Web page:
The recent cases concerning women are not directly comparable to those involving gay rights, which considered questions as fundamental as whether states can make gay sex a crime. And gay rights groups say there is much work to be done before gay men and lesbians achieve the legal protections women have long had.
In much of the country, for instance, employers and landlords are free to discriminate based on sexual orientation. The Supreme Court has never recognized heightened constitutional scrutiny for discrimination based on sexual orientation, though it has long done so for ones based on gender.
For now, said Suzanne B. Goldberg, a law professor at Columbia, “the court’s recent gay rights decisions seem to be catching up with women’s rights cases of earlier decades.”
“At the same time,” she added, “we live in a society that now seems more receptive to gay rights than women’s rights generally, so it is disheartening but not surprising to see that reflected in decisions like Hobby Lobby, which failed to see the link between contraception access and women’s equality.”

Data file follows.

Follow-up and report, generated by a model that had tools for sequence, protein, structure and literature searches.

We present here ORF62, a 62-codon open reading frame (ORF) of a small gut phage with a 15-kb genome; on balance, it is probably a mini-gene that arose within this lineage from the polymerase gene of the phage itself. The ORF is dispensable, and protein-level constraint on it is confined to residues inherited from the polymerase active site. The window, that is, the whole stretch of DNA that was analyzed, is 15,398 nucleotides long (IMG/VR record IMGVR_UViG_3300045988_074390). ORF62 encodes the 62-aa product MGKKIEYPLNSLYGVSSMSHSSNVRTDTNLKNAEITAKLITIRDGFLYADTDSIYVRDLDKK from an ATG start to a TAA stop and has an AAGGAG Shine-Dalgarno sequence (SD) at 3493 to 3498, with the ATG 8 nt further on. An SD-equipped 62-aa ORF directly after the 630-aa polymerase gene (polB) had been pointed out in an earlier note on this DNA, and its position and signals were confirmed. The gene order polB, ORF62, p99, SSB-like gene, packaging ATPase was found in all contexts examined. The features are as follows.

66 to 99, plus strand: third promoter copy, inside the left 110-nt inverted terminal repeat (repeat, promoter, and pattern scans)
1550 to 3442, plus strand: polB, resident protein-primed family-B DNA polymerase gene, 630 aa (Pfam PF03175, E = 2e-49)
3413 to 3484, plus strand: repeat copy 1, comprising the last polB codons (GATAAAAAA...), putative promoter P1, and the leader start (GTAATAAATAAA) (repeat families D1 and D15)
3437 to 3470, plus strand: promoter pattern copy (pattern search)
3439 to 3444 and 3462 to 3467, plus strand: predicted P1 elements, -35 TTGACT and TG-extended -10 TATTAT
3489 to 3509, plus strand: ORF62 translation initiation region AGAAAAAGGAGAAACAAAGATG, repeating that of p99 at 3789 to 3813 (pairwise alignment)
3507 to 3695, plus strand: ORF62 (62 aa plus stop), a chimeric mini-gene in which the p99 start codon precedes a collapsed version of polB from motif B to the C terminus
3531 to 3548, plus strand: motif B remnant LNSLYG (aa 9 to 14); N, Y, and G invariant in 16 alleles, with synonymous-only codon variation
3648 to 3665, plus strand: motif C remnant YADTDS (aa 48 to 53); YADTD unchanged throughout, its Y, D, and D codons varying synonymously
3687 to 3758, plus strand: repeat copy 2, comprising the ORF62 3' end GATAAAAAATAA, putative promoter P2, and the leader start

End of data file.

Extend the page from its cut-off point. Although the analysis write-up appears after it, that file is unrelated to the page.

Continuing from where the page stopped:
Ginsburg has suggested that her male colleagues sometimes do not hear a woman’s voice, including her own. In a 2009 interview with USA Today, she said the other justices, who were then all men, sometimes ignored the arguments she made at their private conferences.
“I will say something - and I don’t think I’m a confused speaker - and it isn’t until somebody else says it that everyone will focus on the point,” Ginsburg said.
Between 2006 and 2009, after the resignation of Justice Sandra Day O’Connor and before the appointment of Justice Sonia Sotomayor, Ginsburg was the lone woman on the court, a situation she said she found isolating and disturbing. Now, with the addition of Justice Elena Kagan in 2010, there are three women, and they often vote together.
They did so last month in dissenting from an order allowing Wheaton College, a Christian institution in Illinois, to forgo using a federal form to claim an exemption from a contraception coverage requirement under the Affordable Care Act. Sotomayor wrote the dissent, which accused the majority of failing to protect “women’s well-being.”
Nan Hunter, a law professor at Georgetown University, said the dissent was noteworthy.
“For many American women,” she said, “it was no surprise that it was those three justices who felt strongly enough to cry foul.”